Clothing companies might be ignoring as much as 90 percent of the climate pollution they generate.
Author: Hannah Lownsbrough | Published: December 7, 2017
As the fashion industry prepares for the holiday season, many high-profile brands will pump out new trends and products faster than ever before. All too often, however, that business helps drive severe damage to our global climate due to the fashion industry’s extraordinarily high levels of pollution. As 2017 draws to close, the fashion industry must step up to the challenge and redeem their terrible track record by reducing carbon emissions. The first step is simple: companies must open their record books and allow for more accurate calculations on the environmental impact of their production methods and subsequent climate impact.
Sadly, instead of increased transparency and commitments, fashion CEOs are hiding behind greenwashed PR campaigns, like the disappointing announcement made by Levi’s, Gap, Guess, Wrangler, and Lee at a New York climate week event this past autumn. CEOs of the world’s famous denim brands said they would announce climate targets in two years, a deadline far longer than necessary to complete a basic step. While these CEOs continue to delay the climate commitment process, denim supply chains are continuing to pump carbon dioxide into the atmosphere without recourse.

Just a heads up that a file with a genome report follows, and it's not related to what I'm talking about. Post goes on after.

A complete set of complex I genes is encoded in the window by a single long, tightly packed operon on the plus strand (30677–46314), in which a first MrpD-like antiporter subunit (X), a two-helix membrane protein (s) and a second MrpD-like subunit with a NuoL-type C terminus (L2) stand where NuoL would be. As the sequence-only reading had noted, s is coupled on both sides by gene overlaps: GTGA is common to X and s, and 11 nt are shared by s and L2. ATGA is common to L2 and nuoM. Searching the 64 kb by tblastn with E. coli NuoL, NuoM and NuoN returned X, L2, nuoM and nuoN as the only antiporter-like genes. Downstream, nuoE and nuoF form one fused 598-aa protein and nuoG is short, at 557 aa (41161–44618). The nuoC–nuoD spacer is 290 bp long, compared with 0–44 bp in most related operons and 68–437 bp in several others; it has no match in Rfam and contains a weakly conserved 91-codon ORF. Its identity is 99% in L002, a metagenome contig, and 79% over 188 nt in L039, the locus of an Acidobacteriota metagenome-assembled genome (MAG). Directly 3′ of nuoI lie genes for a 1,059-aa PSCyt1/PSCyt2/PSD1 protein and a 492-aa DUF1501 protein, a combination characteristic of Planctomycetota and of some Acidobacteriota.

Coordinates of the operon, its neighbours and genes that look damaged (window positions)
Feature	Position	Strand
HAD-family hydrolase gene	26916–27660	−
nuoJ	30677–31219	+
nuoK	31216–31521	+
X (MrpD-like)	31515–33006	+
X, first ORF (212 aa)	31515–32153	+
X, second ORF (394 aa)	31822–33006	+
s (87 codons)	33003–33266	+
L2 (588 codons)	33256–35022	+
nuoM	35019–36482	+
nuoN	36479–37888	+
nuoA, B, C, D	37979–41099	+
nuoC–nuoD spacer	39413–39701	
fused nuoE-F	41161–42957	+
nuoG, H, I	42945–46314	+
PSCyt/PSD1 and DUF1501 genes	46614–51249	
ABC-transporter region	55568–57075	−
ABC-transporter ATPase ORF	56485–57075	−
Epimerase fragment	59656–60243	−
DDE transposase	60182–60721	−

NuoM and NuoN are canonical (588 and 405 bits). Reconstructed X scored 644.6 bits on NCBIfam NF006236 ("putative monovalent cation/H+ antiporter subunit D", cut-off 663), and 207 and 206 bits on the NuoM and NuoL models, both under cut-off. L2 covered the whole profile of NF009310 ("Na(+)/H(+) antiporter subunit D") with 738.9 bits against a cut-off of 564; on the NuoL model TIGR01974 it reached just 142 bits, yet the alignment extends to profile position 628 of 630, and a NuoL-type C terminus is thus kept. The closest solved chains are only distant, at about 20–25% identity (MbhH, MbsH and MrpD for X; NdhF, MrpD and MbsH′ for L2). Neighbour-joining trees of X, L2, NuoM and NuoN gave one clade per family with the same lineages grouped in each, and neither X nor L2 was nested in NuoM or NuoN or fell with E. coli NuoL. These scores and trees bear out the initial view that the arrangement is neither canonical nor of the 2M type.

Denim and clothing companies will do all that they can to fudge the link between their brands and the realities of greenhouse gas emissions. According to reports from the Carbon Disclosure Project, companies within the fashion sector might be ignoring as much as 90 percent of the climate pollution they generate. Like too many industries before them, the fashion industry is attempting to solve the problem of its own emissions by outsourcing production to contractors in countries with less strict emissions regulations, namely China or Bangladesh. But despite the ostensible attractiveness of these short-term solutions, the long-term consequences could be catastrophic. These businesses can no longer afford to look away from the climate legacy they will leave behind.
Right now, the clothing and accessories industry is a huge contributor to global climate change. According to one study, the industry generates about 3 percent of global greenhouse gas emissions, roughly equal to the pollution created by putting 163 million new passenger cars on the road. A study by a leading clothing company concluded that one pair of denim jeans produces 44 pounds of greenhouse gas emissions, equivalent to driving a car almost 48 miles or burning over 21 pounds of coal. Manufacturing a single pair of denim jeans produces 44 pounds of CO2, roughly equal to the greenhouse gas emissions from driving a passenger car nearly 50 miles.